Rachel Bachman reporter Wall Street Journal Rachel Wall Street Journal Rachel depression university of southern Califor Indiana US Indiana University Oklahoma America twenty years twelve minutes
"rachel wall street journal" Discussed on KTAR 92.3FM

KTAR 92.3FM

03:10 min | 2 years ago

"rachel wall street journal" Discussed on KTAR 92.3FM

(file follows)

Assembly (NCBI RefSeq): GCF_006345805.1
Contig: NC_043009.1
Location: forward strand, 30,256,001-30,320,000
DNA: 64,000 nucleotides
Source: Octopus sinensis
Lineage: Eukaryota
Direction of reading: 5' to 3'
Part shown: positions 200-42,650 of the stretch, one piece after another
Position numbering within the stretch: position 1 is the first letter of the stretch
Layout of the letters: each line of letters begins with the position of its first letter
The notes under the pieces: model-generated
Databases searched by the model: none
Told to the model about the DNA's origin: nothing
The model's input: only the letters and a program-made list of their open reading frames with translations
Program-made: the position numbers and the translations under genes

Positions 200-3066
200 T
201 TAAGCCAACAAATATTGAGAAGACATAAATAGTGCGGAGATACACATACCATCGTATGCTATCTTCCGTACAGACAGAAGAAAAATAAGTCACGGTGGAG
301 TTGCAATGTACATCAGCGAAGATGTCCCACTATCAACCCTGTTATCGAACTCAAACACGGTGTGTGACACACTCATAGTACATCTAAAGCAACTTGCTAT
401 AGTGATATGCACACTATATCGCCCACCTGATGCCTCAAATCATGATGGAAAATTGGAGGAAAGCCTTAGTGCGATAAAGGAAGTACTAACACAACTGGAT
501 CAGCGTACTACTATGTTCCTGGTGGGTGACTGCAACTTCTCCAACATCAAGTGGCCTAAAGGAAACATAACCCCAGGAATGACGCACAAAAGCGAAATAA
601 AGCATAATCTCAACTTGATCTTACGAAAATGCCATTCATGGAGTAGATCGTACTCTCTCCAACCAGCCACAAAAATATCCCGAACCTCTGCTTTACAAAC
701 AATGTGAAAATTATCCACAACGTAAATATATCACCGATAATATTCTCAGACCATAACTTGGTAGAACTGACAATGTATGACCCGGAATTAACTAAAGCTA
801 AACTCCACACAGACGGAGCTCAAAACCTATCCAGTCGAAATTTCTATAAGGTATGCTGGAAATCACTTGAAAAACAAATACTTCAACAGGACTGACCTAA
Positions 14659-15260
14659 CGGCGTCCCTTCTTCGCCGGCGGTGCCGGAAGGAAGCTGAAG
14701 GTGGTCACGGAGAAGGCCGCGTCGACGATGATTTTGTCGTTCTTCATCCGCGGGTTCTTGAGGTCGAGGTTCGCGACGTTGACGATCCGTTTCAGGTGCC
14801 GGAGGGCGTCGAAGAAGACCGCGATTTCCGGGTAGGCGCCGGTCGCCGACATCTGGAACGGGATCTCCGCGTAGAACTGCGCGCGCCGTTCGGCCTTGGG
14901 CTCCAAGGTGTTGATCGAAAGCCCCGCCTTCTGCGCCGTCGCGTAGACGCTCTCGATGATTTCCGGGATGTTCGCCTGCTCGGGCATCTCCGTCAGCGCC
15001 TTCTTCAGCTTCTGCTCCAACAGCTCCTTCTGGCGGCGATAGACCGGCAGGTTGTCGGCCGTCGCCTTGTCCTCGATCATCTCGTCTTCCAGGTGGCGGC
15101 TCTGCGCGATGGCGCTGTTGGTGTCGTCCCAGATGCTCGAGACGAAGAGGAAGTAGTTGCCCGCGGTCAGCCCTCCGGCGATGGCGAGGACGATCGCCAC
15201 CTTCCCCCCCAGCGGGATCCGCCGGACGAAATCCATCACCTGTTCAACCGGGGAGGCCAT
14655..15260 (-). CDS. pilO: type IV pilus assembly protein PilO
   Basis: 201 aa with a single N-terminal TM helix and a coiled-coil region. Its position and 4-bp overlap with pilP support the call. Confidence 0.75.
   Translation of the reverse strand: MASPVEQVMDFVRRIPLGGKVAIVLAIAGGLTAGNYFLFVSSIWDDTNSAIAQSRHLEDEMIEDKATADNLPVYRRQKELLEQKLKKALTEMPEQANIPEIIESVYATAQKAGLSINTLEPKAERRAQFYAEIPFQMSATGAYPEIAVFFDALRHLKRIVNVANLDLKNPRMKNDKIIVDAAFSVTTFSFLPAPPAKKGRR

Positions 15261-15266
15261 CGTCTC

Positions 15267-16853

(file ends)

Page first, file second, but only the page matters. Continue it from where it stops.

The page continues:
"Glad you're with us Strengthen. Conditioning coaches in college football have evolved from handy helpers in the gym to overlords of a season outside the season known as off season workouts it is their domain in weight rooms shielded even from the view of head coaches that is increasingly under scrutiny after a series of. Player deaths in, hospitalizations following grueling workouts, Wall Street Journal reporter Rachel Bachmann says these strength and conditioning coaches have become among the most highly paid. And. Influential on staffs Rachel what have you found what's happened is a, strength and conditioning coaches particularly who for football programs have really risen in terms of. Their prominence and influence they. Have on on programs this has become an issue in part. Because of the, situation Maryland were player died after a pretty, extreme workout in June the. Strength and conditioning coach there has since resigned allegations that he was really overly harsh with players and and maybe had some Approaches that were a bit too extreme and so what we did in the. Story. Is just look at the phenomenon of the train coach and look, at some of the the some of the aspects that had led to its rise. What'd you find well there. Was some rule changes in the early nineties and early two. Thousands that really, increase their influence for instance practice time was, limited in the early nineties. For for college football teams so coaches really couldn't coach players as much as they would like but Coaches were written as in as an exception so they don't count as, technically as coaches so players can work out with them on a quote unquote voluntary basis you know as much as they want. Year round in the summer when, coaches are. Not allowed to coach them, the strength coaches can. So they can be with them in the weight room and actually design workout programs for them and this has. Given strength coaches really a ton of influence they are basically the defacto coaches in the summer and. And you know they're doing things like helping players shed weight or gain weight which on a football team that only has one a player, only has four or five years to compete is is. Really critical speaking? With, Wall Street Journal reporter Rachel Bachmann she's written a piece entitled strength, coaches in college football have become. Strongmen is, largely because of his new found influence that they have you get the. Sense source anybody suggesting that these strength coaches need regulations of their. Own Yes I think there is more of a cry from some from college college sports leaders that maybe the. Standards for certification should increase the NCAA has really sort of. Stepped back and not not exerted a lot of influence in this area they have a few years ago that require these coaches to, have some sort of nationally recognized certification but you know that really farmers out the responsibility to things like weightlifting organizations and strength. Coach organizations to create their own, standards so. It's it's really not a, it's still not a. Universal standard for how much training these guys need to have since Rachel Wall Street Journal reporter Rachel Bachman thirty..